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Since 1994, Steve Burton has been entertaining audiences as a sports anchor/reporter, and now sports director, at WBZ-TV. In that same time frame, the game of golf has been entertaining Burton, but it did not start out that way.

“I started golfing about 20 years ago with my father in law,” says the 51-year-old Burton. “I hated it, thought it was a horrible and boring game. Once I started playing more, I was addicted. It became more enjoyable as I got better at it. I love challenges. After I shoot a great round, I can’t wait to play again the next day.”

A former quarterback at Northwestern University, Burton has made a name for himself on the field and behind the microphone. He has also crossed paths with some big names on the golf course.

He relates, “I’ve played with guys who are very competitive, guys like Bo Jackson and Lawrence Taylor. You can build relationships on the golf course. It breaks down barriers. I played with Mario Lemieux in Michael Jordan’s tournament in Vegas. He talked about coaching youth hockey and how parents call him and ask about playing time for their kids. This happens to Mario Lemieux? It was terrific.”

While Burton has played great courses around the country, he has a soft spot for some excellent local courses. “I belong to Hopkinton Country Club and play often at Shining Rock in Northbridge, MA,” he explains. “I also play a lot at Maplegate in Bellingham. The course is narrow and tough. I like to take good players there because it can be a humbling course.”

It was at one of these courses where Burton’s ultimate golf highlight took place. He relates, “I was playing in a tournament to benefit cancer research at Shining Rock. It was great because I was playing with some old high school buddies. They were all lined up watching me shoot about a 200 yard drive off the tee. It rolled right in the cup for my first hole in one!”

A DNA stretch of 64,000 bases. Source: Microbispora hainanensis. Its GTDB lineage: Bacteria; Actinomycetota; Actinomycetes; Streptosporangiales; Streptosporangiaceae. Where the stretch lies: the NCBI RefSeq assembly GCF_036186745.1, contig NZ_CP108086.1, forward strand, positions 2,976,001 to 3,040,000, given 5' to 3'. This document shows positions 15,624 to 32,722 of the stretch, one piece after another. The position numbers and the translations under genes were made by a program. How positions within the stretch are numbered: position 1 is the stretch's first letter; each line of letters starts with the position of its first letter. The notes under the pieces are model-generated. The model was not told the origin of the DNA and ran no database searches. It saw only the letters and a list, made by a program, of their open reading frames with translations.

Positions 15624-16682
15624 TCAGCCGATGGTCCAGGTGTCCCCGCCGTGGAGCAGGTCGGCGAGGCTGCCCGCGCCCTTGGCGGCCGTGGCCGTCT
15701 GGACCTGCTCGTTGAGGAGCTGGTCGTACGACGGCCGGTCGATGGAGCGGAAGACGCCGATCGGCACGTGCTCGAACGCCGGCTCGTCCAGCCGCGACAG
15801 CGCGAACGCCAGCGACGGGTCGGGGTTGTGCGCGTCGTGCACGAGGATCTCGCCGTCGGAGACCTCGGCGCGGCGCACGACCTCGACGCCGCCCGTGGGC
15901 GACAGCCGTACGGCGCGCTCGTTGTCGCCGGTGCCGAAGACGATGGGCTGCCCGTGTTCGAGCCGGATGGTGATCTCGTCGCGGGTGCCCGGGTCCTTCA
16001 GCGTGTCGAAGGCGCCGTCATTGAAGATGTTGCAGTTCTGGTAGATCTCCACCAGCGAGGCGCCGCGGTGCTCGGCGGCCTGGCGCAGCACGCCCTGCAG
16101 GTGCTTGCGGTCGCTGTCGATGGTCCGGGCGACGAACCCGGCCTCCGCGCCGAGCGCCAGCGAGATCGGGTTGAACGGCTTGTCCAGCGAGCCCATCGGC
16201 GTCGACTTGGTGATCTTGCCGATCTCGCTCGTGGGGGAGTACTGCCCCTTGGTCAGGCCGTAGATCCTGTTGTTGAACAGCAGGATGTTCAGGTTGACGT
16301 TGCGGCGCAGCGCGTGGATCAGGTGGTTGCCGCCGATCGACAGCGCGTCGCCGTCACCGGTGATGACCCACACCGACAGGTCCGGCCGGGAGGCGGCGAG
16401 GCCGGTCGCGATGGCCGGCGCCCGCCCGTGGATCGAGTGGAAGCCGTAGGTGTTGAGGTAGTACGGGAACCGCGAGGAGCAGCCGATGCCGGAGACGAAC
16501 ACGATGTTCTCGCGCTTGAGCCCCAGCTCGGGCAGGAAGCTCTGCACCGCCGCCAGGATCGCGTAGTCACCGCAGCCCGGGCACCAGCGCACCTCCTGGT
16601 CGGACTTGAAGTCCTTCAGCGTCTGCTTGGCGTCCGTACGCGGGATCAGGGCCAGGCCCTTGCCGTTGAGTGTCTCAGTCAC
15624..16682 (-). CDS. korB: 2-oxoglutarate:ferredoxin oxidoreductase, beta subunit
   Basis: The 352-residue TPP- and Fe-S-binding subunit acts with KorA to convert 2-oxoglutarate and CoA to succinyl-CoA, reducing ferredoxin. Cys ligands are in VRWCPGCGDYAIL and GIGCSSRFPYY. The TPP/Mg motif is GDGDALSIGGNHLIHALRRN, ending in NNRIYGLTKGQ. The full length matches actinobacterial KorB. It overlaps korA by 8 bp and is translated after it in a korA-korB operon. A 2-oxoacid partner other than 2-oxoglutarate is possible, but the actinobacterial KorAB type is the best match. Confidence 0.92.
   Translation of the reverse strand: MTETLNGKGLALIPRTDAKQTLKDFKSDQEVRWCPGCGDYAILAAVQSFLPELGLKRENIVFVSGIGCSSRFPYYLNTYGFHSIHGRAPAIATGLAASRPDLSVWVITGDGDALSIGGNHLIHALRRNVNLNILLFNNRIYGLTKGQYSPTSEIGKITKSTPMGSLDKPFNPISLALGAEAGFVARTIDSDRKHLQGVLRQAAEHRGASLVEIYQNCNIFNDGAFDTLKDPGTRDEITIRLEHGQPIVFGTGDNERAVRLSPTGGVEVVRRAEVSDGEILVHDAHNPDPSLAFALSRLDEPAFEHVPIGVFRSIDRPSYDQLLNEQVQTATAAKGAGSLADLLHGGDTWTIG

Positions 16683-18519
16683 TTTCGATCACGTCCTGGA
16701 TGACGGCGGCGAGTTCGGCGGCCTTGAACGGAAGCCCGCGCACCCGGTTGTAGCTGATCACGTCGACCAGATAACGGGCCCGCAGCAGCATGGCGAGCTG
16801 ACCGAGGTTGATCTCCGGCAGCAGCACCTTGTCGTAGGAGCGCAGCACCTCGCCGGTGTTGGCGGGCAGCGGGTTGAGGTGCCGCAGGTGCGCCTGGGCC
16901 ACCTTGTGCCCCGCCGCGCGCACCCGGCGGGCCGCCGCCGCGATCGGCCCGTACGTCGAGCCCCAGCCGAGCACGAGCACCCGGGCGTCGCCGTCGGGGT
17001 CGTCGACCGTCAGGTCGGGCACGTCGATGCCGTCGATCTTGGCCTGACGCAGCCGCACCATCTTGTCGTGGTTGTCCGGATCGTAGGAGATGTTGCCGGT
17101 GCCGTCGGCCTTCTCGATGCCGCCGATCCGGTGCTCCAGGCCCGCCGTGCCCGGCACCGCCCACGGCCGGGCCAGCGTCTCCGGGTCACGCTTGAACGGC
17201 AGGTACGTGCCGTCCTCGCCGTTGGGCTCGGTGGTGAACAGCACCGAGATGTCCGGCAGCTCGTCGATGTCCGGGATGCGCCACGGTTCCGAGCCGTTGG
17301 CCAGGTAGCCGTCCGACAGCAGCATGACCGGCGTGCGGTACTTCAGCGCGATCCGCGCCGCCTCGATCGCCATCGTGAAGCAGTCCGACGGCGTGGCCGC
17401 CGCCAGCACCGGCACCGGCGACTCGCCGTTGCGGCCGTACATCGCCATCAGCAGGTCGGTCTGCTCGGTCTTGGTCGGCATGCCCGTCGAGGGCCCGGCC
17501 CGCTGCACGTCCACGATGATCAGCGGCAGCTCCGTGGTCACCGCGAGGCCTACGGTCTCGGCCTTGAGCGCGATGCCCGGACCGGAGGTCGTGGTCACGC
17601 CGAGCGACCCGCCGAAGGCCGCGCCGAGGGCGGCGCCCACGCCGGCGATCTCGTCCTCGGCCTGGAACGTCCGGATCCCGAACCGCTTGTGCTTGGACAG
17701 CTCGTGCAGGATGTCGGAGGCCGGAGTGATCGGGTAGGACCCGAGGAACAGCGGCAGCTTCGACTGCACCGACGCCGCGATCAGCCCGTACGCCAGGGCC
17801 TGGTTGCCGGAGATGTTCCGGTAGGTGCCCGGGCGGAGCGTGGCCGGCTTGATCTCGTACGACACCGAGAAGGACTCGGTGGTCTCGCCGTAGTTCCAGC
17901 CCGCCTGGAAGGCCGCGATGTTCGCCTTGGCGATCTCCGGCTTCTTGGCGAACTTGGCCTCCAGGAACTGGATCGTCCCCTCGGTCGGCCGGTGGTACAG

Great moments are the norm for the Burton family. Steve’s father, Ron Burton, who passed away in 2003, was a college football All-American at Northwestern, a CFL and NFL star, and a member of the National Football Foundation’s College Football Hall of Fame.

Moreover, he founded the Ron Burton Training Village (ronburtontrainingbvillage.com) in Hubbardston, MA nearly a quarter-century ago. The Village teaches kids from low income communities the values of racial harmony, leadership, self-determination, respect, and love.

Village programs stress spiritual, educational, and physical fitness training in a nurturing environment. Golf is a big part of the curriculum. Says Steve, “My dad always told me to take a moment to give back. Playing in charity tournaments is not just about playing golf, it is about being a positive presence.

“Every year, the Country Club in Brookline sends a golf pro to the Village to teach kids the game. Dad always wanted all kids to have access to golf. At WBZ, I used to do a “Beat the Pro” golf segment. I had my dad on with me once. He was not a golfer, but we had the best time. I am so happy to have that on tape.”

For many in the media, golf is either an amusing activity or an agonizing addiction. Burton is somewhere in the middle. “It’s a getaway that I take seriously,” says the Framingham native who began his Boston media career at NESN.

“I play with guys who are focused on getting better. When I play with Doug Flutie, we compete end to end. No matter who we are playing, we play it straight up, no strokes regardless of anyone’s handicap, and we have to putt out. There are no gimmes.”

Like Flutie, Burton moved from the gridiron to golf, but what is the connection between these two very different sports? Burton responds, “It is the mentality, the ability to focus and calm down when the game is on the line. Tom Brady is a good golfer because he has that ability.

“I played quarterback and it is really about slowing the game down. Can you see the ball in the cup? Golf can be intimidating. It is a game for risk takers and smart players.”

 

 

 

John Molori is the co-author of “The Cracker Jack Collection: Baseball’s Prized Players,” to be released in the fall of 2013. Email John at molorimedia@aol.com.

 

 

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